Introduction Top


With the advancement of radiotherapy, treatment plan should be optimized to produce desired dose distribution inside the tumor with reduced normal tissue dose. This could be achieved using intensity modulated radiotherapy (IMRT). Nowadays, most of the IMRT treatment planning systems (TPS) incorporate the dose volume (DV)-based physical cost functions for IMRT optimization. The major drawback associated with the DV-based physical cost function used in IMRT optimization is that it does not represent the nonlinear response of tumor or normal tissues. Further IMRT plan score does not get affected by small cold spot inside the tumor when using DV-based physical cost functions in optimization. On the other hand, plan score for IMRT plan based on equivalent uniform dose (EUD) cost functions would be significantly diminished if there is cold spot inside the tumor.[1] Furthermore, a single DV-based physical cost function for tumor does not represent the real nature of dose response of tumor. However, it can be argued that adding multiple DV-based physical cost functions for tumor would represent the dose response nature of the tumor but to a lesser extent. Although EUD-based cost functions are highly degenerative, it might also pose some clinically unaccepted problems.[2] For instance, it may lead to very inhomogeneous target dose distribution. This target dose inhomogeneity was controlled by adding DV-based cost functions by limiting the real potential of EUD dose distributions in clinical practice. In this study, we intend to compare the effects of dose distributions in organ at risk (OAR) estimated from IMRT treatment plans generated with and without inhomogeneous dose distributions using EUD-based cost functions.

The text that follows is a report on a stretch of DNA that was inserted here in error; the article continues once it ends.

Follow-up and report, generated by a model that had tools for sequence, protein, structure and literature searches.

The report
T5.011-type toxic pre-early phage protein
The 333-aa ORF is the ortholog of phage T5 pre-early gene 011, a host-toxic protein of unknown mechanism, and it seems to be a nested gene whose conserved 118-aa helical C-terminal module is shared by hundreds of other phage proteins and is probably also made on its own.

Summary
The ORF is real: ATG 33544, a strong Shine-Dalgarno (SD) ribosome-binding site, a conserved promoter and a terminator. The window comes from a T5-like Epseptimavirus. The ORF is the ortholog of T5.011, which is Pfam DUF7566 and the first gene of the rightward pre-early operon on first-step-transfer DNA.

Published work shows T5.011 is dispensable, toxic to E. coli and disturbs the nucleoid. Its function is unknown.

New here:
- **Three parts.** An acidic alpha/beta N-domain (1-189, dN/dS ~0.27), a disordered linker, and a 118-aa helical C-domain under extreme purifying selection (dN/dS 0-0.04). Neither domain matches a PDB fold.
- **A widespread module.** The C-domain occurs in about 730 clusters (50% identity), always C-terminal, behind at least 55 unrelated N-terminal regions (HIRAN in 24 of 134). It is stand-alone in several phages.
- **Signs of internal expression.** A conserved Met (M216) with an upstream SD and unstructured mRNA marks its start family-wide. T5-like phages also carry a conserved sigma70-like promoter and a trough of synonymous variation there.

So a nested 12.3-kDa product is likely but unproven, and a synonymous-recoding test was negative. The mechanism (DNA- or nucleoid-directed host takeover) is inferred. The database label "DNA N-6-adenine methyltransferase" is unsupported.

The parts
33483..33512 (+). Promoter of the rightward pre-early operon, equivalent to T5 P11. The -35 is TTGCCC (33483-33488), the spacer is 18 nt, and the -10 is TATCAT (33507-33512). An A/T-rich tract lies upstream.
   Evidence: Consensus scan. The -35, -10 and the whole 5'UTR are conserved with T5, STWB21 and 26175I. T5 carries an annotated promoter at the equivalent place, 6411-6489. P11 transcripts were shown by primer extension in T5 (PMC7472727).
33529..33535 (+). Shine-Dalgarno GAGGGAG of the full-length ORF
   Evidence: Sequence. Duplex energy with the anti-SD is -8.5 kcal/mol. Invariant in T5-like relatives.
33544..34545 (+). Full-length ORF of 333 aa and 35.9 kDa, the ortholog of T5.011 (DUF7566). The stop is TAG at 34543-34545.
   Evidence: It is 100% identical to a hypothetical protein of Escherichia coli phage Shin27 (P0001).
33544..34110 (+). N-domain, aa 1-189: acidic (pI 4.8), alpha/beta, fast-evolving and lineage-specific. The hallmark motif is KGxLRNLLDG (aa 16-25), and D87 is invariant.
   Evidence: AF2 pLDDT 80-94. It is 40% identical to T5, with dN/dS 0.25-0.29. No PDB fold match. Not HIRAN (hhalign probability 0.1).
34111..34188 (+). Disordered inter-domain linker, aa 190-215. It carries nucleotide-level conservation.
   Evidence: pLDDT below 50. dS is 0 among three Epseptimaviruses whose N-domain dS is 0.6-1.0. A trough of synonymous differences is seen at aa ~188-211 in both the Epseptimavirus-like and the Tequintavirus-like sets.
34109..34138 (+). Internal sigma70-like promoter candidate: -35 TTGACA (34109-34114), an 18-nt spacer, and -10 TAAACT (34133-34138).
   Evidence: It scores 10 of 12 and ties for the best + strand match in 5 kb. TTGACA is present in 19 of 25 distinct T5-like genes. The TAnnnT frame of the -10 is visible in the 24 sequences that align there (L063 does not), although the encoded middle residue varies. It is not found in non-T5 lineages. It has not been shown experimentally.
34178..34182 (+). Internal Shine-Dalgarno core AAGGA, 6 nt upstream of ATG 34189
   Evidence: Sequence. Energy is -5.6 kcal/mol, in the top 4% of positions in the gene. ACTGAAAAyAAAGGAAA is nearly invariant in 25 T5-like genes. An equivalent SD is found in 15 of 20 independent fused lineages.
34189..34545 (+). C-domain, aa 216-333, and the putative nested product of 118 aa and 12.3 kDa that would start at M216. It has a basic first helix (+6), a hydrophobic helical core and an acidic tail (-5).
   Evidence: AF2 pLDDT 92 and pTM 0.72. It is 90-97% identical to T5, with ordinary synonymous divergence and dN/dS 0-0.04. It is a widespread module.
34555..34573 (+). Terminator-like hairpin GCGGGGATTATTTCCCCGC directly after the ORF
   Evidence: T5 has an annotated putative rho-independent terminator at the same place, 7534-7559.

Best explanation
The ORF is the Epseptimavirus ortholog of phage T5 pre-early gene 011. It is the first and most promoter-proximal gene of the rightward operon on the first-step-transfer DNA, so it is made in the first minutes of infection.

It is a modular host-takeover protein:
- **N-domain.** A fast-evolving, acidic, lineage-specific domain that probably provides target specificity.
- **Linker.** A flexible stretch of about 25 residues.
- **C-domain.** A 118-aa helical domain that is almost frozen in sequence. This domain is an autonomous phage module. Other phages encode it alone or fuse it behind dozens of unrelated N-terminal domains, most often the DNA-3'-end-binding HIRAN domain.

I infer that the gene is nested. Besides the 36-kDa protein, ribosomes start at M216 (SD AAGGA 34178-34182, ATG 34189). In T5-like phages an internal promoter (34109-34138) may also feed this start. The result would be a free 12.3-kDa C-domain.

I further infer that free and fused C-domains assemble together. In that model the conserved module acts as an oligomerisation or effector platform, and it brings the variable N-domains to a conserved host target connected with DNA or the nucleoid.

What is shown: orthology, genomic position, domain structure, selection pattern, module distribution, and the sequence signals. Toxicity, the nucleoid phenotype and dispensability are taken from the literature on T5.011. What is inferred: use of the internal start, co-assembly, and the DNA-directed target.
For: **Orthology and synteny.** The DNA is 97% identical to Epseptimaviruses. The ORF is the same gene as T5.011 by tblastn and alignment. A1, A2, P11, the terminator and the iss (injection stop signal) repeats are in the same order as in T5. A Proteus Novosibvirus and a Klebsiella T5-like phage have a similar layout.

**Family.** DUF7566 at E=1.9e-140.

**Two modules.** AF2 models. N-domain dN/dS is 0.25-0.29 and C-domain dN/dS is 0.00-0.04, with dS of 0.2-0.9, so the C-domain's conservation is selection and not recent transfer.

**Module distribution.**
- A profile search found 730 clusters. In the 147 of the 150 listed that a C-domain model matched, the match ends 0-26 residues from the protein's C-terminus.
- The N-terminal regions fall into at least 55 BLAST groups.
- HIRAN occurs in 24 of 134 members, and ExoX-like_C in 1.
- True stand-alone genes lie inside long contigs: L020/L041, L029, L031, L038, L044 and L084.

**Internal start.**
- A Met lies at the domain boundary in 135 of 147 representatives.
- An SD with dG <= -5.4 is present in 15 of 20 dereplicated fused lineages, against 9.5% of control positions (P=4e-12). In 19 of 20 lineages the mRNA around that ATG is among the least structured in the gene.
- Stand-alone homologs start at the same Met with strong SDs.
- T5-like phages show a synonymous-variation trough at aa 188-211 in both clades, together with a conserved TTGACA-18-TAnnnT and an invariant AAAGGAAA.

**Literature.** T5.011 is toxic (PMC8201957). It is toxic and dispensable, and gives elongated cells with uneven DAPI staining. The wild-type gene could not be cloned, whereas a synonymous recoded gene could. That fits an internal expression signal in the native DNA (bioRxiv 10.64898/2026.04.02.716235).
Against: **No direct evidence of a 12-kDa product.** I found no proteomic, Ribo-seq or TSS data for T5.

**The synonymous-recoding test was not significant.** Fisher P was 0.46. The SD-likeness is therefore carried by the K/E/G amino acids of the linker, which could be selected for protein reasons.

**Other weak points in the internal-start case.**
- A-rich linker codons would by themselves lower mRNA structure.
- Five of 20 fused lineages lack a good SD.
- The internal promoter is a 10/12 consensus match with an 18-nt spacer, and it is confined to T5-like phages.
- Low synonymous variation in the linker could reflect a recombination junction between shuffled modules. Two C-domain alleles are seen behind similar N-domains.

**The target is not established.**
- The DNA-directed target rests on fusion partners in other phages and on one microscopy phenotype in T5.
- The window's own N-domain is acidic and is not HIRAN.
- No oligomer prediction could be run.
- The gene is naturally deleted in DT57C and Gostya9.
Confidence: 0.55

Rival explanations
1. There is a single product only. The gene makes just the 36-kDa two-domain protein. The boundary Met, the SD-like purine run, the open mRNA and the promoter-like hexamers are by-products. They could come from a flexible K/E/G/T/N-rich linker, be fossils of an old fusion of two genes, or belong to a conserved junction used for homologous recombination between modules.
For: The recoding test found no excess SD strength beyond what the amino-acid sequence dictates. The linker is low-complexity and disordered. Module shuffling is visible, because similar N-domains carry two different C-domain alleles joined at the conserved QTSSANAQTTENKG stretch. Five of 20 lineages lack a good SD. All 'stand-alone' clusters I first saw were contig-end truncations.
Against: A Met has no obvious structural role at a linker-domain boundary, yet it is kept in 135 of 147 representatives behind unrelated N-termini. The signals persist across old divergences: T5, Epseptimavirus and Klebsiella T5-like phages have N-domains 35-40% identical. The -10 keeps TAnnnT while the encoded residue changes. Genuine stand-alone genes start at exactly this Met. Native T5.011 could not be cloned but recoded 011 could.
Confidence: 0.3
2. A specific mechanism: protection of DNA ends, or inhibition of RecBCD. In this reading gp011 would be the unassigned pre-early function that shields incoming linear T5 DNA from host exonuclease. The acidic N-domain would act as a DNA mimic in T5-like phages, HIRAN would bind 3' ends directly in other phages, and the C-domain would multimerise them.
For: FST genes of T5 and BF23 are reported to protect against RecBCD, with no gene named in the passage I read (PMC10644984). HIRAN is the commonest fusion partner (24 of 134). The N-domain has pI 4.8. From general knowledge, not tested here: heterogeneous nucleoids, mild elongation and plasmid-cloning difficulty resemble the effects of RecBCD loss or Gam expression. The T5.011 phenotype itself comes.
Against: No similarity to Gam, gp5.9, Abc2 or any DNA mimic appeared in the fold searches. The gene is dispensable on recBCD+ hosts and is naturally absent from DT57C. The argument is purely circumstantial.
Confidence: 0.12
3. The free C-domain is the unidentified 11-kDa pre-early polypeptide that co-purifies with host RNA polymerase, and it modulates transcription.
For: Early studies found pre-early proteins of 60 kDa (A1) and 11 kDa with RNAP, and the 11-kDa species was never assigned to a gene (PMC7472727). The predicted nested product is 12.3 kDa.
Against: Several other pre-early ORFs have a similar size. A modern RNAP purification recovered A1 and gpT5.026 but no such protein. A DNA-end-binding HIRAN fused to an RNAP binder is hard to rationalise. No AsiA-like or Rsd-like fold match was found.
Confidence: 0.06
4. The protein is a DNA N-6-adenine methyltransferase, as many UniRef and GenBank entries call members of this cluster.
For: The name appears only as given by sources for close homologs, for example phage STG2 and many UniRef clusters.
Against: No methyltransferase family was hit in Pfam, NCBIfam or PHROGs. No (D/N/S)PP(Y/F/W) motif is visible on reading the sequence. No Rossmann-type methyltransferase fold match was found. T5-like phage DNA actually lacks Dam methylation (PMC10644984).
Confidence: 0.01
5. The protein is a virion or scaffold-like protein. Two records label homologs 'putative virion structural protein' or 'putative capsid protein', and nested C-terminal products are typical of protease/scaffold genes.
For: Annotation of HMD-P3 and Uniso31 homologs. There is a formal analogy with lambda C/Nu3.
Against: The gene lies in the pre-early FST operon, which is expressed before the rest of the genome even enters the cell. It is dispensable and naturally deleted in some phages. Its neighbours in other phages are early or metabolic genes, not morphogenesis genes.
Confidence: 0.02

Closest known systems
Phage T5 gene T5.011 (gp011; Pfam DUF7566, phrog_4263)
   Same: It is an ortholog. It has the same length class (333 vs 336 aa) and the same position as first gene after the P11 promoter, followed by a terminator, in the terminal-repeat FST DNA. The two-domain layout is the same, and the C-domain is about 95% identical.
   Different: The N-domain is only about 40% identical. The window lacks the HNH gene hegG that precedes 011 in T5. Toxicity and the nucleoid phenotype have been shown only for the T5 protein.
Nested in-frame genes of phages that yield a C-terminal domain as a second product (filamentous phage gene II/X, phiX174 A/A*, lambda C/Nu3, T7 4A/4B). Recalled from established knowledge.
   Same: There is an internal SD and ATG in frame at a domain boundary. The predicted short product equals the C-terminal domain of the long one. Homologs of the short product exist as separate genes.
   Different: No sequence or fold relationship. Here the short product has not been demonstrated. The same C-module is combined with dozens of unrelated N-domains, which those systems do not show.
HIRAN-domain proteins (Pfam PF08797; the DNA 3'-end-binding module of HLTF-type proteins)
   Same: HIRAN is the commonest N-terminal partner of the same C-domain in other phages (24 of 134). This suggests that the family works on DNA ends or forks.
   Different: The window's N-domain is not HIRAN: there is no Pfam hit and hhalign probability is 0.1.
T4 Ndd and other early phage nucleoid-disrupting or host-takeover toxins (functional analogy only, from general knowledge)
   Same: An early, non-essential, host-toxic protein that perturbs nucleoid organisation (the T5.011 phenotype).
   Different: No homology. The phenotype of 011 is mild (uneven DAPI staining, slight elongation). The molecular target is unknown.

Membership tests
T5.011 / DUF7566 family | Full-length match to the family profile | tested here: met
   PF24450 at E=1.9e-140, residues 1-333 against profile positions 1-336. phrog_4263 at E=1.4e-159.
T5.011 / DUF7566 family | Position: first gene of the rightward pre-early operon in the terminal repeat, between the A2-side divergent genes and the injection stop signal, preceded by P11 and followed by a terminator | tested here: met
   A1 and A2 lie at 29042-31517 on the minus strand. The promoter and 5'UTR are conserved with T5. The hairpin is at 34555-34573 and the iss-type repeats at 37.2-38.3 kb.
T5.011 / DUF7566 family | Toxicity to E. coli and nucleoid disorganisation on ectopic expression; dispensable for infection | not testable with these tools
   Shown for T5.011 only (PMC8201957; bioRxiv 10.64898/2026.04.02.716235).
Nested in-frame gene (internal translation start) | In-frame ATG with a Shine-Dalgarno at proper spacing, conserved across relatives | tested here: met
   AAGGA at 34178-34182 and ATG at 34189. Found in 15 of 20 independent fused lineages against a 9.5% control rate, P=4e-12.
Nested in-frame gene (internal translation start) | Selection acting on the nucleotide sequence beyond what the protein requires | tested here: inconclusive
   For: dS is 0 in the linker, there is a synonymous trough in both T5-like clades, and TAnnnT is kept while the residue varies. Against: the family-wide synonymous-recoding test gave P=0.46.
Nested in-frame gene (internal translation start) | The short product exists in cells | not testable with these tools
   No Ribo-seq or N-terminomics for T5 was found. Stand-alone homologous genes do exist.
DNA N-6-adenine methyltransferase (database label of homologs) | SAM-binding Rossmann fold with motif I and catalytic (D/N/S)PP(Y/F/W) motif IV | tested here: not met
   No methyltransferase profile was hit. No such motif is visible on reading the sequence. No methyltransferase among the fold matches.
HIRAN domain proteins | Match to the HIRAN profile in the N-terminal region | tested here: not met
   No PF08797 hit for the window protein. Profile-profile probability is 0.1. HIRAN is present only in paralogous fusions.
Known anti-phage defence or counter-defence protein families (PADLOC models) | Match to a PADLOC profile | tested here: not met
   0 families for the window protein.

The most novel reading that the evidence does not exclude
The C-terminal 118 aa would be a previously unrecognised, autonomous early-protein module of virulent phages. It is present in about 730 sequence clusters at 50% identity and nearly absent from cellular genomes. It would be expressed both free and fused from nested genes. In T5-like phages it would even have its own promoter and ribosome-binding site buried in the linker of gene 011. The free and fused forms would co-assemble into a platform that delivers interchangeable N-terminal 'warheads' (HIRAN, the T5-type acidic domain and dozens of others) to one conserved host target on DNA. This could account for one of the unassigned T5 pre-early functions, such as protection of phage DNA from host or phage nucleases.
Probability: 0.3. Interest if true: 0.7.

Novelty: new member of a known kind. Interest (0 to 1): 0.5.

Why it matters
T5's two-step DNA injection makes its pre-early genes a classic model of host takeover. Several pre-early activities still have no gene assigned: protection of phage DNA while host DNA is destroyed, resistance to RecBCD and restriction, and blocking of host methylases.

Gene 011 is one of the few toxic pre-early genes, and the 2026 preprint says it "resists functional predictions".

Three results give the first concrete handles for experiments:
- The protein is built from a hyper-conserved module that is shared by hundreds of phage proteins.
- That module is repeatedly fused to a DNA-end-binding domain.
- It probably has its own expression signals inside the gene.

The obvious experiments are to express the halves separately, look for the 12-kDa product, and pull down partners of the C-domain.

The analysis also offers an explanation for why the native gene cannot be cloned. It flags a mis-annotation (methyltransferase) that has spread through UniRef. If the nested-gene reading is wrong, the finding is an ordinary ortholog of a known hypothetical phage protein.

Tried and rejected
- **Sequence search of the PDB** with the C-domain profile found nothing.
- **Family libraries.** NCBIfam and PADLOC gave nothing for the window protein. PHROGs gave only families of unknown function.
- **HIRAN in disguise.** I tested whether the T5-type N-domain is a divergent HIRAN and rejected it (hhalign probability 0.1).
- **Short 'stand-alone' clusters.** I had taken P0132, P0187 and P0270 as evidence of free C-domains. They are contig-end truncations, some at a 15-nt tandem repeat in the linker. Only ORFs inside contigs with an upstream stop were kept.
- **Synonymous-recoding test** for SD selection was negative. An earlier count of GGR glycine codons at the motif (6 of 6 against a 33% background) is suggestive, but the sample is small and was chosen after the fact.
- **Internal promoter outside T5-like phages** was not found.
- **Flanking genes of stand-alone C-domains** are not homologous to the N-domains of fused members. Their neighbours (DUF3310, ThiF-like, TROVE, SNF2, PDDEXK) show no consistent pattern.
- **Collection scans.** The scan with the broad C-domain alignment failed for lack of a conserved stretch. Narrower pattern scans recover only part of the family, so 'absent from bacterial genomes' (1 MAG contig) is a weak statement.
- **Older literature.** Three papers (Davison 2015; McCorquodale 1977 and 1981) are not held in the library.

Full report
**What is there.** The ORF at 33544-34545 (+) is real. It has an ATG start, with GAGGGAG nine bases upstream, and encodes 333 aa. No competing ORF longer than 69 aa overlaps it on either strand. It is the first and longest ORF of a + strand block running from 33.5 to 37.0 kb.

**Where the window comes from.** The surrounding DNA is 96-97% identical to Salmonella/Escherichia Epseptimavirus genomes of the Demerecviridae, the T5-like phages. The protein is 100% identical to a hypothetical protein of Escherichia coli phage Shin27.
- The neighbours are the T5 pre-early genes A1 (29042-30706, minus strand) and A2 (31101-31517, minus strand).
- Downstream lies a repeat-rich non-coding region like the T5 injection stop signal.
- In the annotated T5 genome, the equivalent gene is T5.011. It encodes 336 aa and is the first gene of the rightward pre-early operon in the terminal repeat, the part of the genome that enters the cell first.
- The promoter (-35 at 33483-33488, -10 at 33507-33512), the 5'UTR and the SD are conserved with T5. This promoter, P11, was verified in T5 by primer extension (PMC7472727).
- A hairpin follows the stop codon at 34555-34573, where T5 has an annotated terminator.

Materials and Methods Top


Planning techniques

Twenty patients treated for prostate cancer were retrospectively selected for this study and all these patients underwent radiotherapy computed tomography (CT) scans of 3 mm slice thickness, extending from the second lumbar vertebrae to proximal third of femoral diaphysis. T2 weighted magnetic resonance imaging scans were fused to the CT images for delineation of gross target volume (GTV) which included visible prostate and clinical target volume (CTV). CTV includes prostate plus seminal vesicle. Planning target volume (PTV) was expanded nonuniformly from the CTV. The contours for OARs such as rectum, bladder, and femoral heads were delineated from the CT data.

For each patient, two IMRT plans were generated (i) EUD-based optimization with a DV-based physical cost function to control inhomogeneity (EUDWith DV), a combination of cost functions for target which is widely used in day to day clinical practice and (ii) EUD-based optimization without a DV-based physical cost function to allow inhomogeneity (EUDWithout DV), a combination of cost functions for target which we are proposing to estimate the effects of dose distributions in OAR. The generated plans were prescribed a dose of 72 Gy in 36 fractions to PTV. The treatment plan acceptance criterion was to deliver 95% of the prescribed dose to 95% volume of PTV. Treatment planning was generated using Monaco TPS version 5.0 (CMS Inc., St. Louis, MO, USA). Serial, parallel, and physical cost functions were used for OARs in all plans. To make both treatment plans identical, same kind of cost functions were used for both the plans for particular OAR. Both treatment plans used same beam energy, number of beams, beam angles, and isocenter. Monaco used 3 mm grid spacing for dose calculation. Monaco TPS is based on constrained optimization method.[3] For all Monaco plans, X-ray Volume Monte Carlo (XVMC) algorithm with 3% variance was used in the segment shape optimization phase.[4] All plans were corrected for tissue heterogeneities. The bladder and rectum dose reporting were done for entire organ. Iterative adjustment of isoconstraint values followed until the mandated dosimetric criteria was achieved.